Last year's spectacular London Summer Olympic games may seem like an event of the past, but its legacy is still manifesting itself in impressive ways. 'Speed of Light,' an art performance combining technology and athleticism to showcase the travel of light using human generated kinetic energy, is one of the most stunning examples.
March 21st marked the first night of the spectacular show in Manchester, England. Thousands of spectators gathered to watch what at first glance looked like lights being projected from a screen on a building or from the sky. But the dazzling array of colors along the banks of Salford Quays, were actually being created by 400 human runners, dressed head-to-toe in LED lights . . . definitely not your conventional running apparel!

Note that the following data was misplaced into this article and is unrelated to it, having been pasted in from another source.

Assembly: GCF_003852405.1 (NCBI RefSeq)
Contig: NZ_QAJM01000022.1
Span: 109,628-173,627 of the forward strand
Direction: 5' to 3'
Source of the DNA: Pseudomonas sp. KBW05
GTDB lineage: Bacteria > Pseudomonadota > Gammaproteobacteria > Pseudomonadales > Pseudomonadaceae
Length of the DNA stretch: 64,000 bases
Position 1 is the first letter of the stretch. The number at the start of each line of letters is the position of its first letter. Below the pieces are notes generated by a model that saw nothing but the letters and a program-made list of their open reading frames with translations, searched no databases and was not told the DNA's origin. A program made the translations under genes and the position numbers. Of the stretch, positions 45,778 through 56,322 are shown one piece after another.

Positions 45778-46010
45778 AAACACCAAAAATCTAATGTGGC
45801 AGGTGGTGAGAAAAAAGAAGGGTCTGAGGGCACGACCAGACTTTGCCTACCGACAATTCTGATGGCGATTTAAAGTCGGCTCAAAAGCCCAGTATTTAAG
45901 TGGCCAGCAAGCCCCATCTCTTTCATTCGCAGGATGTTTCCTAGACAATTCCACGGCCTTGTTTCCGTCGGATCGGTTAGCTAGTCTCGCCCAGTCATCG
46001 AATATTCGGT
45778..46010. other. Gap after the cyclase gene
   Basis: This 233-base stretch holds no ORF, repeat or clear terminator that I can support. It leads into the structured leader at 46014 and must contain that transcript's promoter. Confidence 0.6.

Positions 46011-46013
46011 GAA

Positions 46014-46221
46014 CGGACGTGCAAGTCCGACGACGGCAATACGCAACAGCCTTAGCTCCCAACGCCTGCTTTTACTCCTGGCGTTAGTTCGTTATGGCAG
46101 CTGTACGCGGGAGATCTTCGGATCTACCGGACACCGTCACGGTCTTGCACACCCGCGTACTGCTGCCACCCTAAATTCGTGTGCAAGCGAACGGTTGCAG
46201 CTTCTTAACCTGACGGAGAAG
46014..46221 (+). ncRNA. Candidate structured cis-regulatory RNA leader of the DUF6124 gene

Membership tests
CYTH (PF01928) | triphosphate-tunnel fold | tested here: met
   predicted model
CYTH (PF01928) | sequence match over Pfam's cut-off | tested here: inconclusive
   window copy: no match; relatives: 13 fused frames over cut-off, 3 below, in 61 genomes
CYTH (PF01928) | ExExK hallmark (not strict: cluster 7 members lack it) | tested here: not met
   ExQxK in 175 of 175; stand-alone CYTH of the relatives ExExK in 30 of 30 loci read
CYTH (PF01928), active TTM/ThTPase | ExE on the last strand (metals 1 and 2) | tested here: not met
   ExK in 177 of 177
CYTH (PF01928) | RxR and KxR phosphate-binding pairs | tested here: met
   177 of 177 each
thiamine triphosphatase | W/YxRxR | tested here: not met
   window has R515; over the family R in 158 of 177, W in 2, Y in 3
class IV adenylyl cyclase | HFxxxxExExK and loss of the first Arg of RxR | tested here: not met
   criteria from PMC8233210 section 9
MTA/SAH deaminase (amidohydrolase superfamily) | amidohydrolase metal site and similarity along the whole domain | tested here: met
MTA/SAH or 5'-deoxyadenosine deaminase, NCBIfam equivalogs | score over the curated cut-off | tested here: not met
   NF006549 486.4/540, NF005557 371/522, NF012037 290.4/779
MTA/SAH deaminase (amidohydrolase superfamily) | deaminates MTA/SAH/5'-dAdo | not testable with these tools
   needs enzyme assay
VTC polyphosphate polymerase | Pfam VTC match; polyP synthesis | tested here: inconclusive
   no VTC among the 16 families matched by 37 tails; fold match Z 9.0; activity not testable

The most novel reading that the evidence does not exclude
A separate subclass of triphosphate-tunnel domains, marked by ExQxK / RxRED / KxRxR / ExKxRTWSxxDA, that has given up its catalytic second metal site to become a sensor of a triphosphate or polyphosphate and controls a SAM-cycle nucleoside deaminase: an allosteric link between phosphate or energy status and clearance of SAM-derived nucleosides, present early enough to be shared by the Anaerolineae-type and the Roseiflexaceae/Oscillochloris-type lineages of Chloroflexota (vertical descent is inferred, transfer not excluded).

Labeled 'human fireflies,' the unique suits are centrally controlled so that the color, flash-rate and luminosity can be instantly changed resulting in mesmerizing light patterns. This also allows the performance to be carefully choreographed and set to pre-determined sound and music, adding to the magical quality.
However, what is most interesting about this art performance is that the electricity needed to power the LED's is generated by the human runner, with the help of a dynamo that sits on the wrist and converts his/her brisk movements into electricity.
The brainchild of Scottish Arts charity, NVA, the running art has been making its way around the world after a successful debut at the Edinburgh International Festival where it was hailed as the centerpiece of the event. Besides the recent two-day performance in Manchester, they have also showcased their skills on the docklands of Yokohama in Japan.We sure hope they make their way to the USA soon.